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November 19, 1987

Sheryl Bendorf, Plaintiff
President Judge Richard E. McCormick, as President Judge of the 10th Judicial District, Theodore Simon, Richard Vidmer, Robert Miller as County Commissioners, Defendants

The opinion of the court was delivered by: WEBER

 Plaintiff was a secretary to a District Magistrate in Westmoreland County. She was appointed to the position by the then-President Judge of the County Court of Common Pleas. On March 26, 1985, plaintiff was discharged from her position by an Administrative Order of President Judge McCormick, a defendant here.

 While employed in this position, plaintiff was a member of Service Employees International Union (SEIU), Local 585. The Local was the bargaining unit for various county employees, including court appointed employees such as plaintiff Bendorf. In negotiations with the County Commissioners, the Union achieved a collective bargaining agreement which covered plaintiff. That agreement created an arbitration system and, plaintiff alleges a "just cause" standard for discharge.

 Plaintiff claims that the just cause provision creates a property interest invoking due process guarantees. Defendants contend that this provision was never intended to apply to court-appointed personnel such as plaintiff, but even if it did apply, it was a nullity due to limitations on legislative authority imposed by the Pennsylvania Constitution.

 We find it difficult to state the applicable principles any more succinctly and accurately than the following excerpt from Eshelman v. Commissioners of Berks County, 62 Pa. Commw. 310, 436 A.2d 710, 712 (1981):

The Constitution of Pennsylvania establishes three separate, equal, and independent branches of government: the legislature; the executive; and the judiciary. Each branch of our state government is clothed with certain exclusive rights and powers. The courts of this Commonwealth under our Constitution have certain inherent rights and powers to do all such things as are reasonably necessary for the administration of justice. Sweet v. Pennsylvania Labor Relations Board, 457 Pa. 456, 322 A.2d 362 (1974). The power to appoint necessary attendants upon the court is inherent in the court to enable it to perform properly the duties delegated to it by the Constitution, and it cannot be doubted that judicial power includes the authority to select person whose services may be required in judicial proceedings or who may be required to act as assistants of the judges in the performance of their judicial functions. Id.
Because the power to select judicial assistants is an inherent corollary of the judicial power itself, the power to supervise or discharge such personnel flows essentially from the same source. Beckert v. American Federation of State, County and Municipal Employees, 56 Pa. Commwlth. 572, 425 A.2d 859 (1981). That power may not, consistent with the constitutional doctrine of separation of powers, be policed, encroached upon, or diminished by another branch of government. Id. While Act 195 provides for collective bargaining for the resolution of matters involving wages and other financial terms of employment, the collective bargaining process must not infringe upon the judges' authority to select, discharge, and supervise court personnel. Commonwealth ex rel Bradley v. Pennsylvania Labor Relations Board, 479 Pa. 440, 388 A.2d 736 (1978), Beckert, supra.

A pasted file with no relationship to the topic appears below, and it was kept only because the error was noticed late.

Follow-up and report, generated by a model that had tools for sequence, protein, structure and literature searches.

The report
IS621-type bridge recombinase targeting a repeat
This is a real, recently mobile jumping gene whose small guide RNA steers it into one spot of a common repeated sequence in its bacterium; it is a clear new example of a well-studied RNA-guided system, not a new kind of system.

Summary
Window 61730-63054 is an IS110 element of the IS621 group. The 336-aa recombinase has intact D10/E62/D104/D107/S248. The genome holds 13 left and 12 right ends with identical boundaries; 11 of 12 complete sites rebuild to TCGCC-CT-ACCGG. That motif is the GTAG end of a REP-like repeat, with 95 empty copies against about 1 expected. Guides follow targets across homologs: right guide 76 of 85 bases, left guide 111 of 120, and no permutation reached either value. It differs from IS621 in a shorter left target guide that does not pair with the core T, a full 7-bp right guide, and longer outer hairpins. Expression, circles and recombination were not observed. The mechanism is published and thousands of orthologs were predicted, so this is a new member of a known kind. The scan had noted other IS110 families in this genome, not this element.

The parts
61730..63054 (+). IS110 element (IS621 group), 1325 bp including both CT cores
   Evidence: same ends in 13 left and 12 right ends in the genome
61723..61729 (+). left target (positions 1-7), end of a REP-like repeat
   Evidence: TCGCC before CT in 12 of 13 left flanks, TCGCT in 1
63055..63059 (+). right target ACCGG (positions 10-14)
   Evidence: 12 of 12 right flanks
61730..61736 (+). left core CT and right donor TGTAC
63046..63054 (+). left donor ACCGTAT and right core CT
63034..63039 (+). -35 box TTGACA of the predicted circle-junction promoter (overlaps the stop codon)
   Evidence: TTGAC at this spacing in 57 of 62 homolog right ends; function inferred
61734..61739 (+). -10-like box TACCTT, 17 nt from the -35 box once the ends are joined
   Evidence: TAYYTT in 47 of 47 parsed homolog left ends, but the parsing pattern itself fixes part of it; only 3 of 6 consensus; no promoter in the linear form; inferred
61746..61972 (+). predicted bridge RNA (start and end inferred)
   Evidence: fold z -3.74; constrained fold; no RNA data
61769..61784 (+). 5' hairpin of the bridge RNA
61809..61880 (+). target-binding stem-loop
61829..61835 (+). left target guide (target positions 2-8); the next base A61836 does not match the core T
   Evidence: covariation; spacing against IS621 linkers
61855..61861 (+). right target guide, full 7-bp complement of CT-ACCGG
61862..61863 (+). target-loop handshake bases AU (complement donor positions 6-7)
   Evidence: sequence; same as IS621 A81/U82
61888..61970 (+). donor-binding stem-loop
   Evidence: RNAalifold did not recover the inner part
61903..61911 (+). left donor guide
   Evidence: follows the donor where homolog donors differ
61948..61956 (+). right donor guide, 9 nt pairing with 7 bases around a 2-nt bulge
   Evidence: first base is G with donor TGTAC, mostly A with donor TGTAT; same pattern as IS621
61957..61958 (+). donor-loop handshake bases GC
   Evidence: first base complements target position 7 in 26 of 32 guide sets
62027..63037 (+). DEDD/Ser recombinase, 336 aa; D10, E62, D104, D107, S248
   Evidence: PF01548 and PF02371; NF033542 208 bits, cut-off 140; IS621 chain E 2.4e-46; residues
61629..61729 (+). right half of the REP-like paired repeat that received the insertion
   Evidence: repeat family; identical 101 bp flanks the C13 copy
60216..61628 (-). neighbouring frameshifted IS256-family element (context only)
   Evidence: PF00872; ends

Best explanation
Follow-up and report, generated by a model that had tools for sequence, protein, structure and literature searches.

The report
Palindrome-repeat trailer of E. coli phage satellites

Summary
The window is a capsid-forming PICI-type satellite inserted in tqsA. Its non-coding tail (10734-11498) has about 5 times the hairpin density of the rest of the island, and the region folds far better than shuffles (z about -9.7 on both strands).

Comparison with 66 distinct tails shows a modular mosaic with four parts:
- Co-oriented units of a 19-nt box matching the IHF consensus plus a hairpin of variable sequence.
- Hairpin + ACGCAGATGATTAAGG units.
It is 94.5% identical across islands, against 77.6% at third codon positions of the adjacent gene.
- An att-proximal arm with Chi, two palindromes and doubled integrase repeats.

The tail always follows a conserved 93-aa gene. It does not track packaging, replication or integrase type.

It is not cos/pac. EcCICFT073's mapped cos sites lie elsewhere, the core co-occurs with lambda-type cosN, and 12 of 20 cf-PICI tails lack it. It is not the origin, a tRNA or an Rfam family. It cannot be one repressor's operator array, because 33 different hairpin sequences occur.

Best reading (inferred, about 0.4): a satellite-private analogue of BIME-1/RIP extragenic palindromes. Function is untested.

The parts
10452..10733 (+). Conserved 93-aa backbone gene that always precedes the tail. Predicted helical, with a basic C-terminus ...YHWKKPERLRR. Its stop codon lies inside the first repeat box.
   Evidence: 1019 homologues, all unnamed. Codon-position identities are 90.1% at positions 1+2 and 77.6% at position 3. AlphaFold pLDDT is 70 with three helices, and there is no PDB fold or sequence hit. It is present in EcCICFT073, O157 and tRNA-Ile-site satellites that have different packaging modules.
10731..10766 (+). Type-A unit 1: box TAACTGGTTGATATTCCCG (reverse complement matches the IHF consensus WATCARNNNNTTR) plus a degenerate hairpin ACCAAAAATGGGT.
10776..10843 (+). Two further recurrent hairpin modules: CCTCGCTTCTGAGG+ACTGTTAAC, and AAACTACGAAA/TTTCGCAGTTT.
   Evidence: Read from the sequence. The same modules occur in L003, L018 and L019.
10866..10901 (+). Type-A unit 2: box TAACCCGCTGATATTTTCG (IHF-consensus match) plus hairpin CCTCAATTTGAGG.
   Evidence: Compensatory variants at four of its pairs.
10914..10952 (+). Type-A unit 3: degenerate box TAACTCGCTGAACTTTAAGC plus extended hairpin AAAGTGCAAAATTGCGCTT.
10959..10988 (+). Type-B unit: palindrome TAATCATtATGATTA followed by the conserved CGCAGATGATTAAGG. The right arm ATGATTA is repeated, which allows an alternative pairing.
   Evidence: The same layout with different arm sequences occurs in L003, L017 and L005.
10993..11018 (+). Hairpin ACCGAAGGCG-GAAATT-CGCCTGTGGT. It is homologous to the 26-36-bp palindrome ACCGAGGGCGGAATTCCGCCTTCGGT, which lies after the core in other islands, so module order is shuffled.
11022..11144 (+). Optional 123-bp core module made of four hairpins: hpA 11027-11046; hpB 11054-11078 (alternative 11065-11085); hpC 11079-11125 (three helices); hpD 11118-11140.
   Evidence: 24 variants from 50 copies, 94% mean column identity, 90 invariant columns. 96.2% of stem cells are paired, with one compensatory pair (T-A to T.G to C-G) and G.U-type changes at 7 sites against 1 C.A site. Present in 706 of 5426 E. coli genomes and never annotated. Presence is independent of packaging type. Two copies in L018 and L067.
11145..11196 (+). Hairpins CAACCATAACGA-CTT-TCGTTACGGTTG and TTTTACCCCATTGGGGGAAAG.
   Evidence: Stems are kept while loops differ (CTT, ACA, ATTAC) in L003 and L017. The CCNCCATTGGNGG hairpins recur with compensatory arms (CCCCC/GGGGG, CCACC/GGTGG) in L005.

The present case presents the same problem identified in Eshelman. A collective bargaining agreement, arrived at through negotiations between the County Commissioners and the Union, purports to restrict the Court's power to discharge judicial personnel by imposing a just cause standard. As Eshelman and Beckert v. AFSCME, 56 Pa. Commw. 572, 425 A.2d 859, make clear, such provisions impinge on the constitutional independence of the judiciary and are therefore invalid.

 Plaintiff argues that because the Common Pleas Judges raised no objections to the provision when the collective bargaining agreement was achieved, they have at least tacitly agreed to the just cause standard. It is true that the judiciary can create a property interest in continued employment which would invoke due process protection. See, Perri v. Aytch, 724 F.2d 362 (3d Cir. 1983) (code of conduct for employees published by court created a just cause standard for probationary employees). But in the present case, the county court has done nothing to affirmatively create a property interest in employment. The critical language was not the product of the court, but of the negotiations between the union and the county's legislative branch.

 Plaintiff's argument, if adopted, would require the county judges to examine each collective bargaining agreement in each succeeding year, with all amendments and codicils, to protect their constitutional prerogative over personnel decisions. While both Eshelman and Beckert arose in that manner, there is nothing to require it. In fact, such a requirement would defeat the constitutional scheme by drawing the judiciary into the bargaining process. We therefore reject plaintiff's proposition that mere silence by the judiciary will operate to emasculate the court's constitutional authority over personnel decisions.

 For the reasons stated, we conclude that the just cause provisions of the collective bargaining agreement do not apply to plaintiff, that plaintiff was an employee at will with no property interest in continued employment, and therefore no right to due process protection. Summary judgment will be granted in favor of all defendants.


 AND NOW, in accord with the accompanying Opinion, it is hereby ORDERED that Summary Judgment is GRANTED in favor of all defendants. The Clerk is ...

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